Building a Firewood Storage Shed to Age Wood – Why You Need to Use Firewood Storage Shed Plans

Building a Firewood Storage Shed to Age Wood – Why You Need to Use Firewood Storage Shed Plans

I moved into my first house with a fireplace just over 10 years ago. I imagined myself on cold winter evenings sitting in front of a roaring fire. The reality was very different: I found myself in a cold, smoke filled room, my smoke detectors blaring.

Living on a wooded lot, in the fall I collected kindling and logs from my property, piled them up by the house and brought them in to burn when winter arrived. This proved to be a disaster as the wood was damp and green. It was difficult to light and if I did manage to get a fire going, it produced lots of smoke instead of heat. One of my neighbors let me in on the secrets of preparing firewood. Firstly if you get wood that is green, you need to split it and let it age. It needs to be kept off the ground and stacked in a way that air can get to it, to help it dry out: dry wood doesn’t smoke.

My first attempt at a firewood storage shed was to simply stack wood on, and cover it with, a tarpaulin. The wood was protected from the weather but it retained its moisture, and still smoked. At that point I bought some aged lumber and decided to invest in some good plans and build a firewood storage shed for the following year.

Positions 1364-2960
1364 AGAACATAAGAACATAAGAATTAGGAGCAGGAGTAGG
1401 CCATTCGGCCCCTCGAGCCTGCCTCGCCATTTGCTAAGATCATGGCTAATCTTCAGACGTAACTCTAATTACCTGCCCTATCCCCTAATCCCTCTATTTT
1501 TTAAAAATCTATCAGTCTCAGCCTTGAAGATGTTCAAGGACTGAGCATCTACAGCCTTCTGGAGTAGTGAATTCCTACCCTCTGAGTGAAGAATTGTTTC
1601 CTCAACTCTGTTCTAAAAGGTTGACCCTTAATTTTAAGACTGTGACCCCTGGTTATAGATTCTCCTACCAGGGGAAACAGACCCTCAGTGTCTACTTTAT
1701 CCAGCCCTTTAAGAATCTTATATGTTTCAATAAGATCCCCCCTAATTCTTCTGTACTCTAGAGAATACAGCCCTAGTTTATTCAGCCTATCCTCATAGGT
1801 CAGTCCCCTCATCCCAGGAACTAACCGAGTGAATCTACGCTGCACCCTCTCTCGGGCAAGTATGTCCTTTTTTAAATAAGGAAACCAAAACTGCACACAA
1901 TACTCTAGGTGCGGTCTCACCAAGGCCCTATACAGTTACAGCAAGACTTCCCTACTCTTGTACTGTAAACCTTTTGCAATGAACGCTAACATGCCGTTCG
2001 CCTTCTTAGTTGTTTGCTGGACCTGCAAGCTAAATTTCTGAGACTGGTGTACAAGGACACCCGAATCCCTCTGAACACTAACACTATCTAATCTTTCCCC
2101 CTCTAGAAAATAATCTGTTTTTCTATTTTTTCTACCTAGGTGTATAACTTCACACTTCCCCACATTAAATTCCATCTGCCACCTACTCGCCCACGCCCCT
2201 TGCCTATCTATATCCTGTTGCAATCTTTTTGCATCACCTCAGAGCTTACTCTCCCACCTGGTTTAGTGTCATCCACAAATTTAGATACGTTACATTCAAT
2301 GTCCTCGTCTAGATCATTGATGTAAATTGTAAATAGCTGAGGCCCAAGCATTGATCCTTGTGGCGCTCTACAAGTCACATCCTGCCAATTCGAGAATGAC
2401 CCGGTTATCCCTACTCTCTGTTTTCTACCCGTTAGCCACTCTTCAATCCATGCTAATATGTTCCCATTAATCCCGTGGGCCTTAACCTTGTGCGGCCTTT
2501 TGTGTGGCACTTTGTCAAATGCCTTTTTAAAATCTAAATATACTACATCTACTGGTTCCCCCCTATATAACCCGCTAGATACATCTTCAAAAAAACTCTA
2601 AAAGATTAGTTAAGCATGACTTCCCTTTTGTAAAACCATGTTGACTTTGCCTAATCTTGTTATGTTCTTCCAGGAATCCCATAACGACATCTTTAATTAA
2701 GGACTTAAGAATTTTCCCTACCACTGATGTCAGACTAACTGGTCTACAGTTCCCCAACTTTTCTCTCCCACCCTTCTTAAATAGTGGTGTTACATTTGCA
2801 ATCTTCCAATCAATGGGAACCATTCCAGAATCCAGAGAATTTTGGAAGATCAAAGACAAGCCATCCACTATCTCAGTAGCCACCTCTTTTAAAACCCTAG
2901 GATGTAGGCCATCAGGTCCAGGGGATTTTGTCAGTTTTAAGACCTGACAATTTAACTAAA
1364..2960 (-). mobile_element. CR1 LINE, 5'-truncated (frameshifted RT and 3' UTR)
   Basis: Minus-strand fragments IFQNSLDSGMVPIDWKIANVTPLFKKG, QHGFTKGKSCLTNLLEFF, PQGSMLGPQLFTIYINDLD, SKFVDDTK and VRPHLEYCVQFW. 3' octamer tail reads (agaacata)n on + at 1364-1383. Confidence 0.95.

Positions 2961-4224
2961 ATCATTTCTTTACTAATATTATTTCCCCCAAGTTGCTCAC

One thing to consider is that firewood is sold by the cord, which is a pile 8’x4’x4′. Most firewood storage shed plans are designed to fit at least a cord, so your shed will be around 10’wide and 5-6’deep and high. My wood shed has three walls and a roof with no front or a floor. The open front allows for easy access and good ventilation, and the ground I dug out and replaced with gravel on which wood can be stacked.

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I try to buy wood in the spring, when it seems to be cheaper, and always make certain to have the shed full by summer’s end so the wood has chance to age and dry. I fill my shed, but don’t pack the wood tightly so there is good airflow. I also rotate the wood, so that I am always using aged wood that will burn cleanly, not green wood that I have added.

I would recommend that if you have a fireplace you build yourself firewood storage shed using a good set of plans that details all the tools and materials you will need.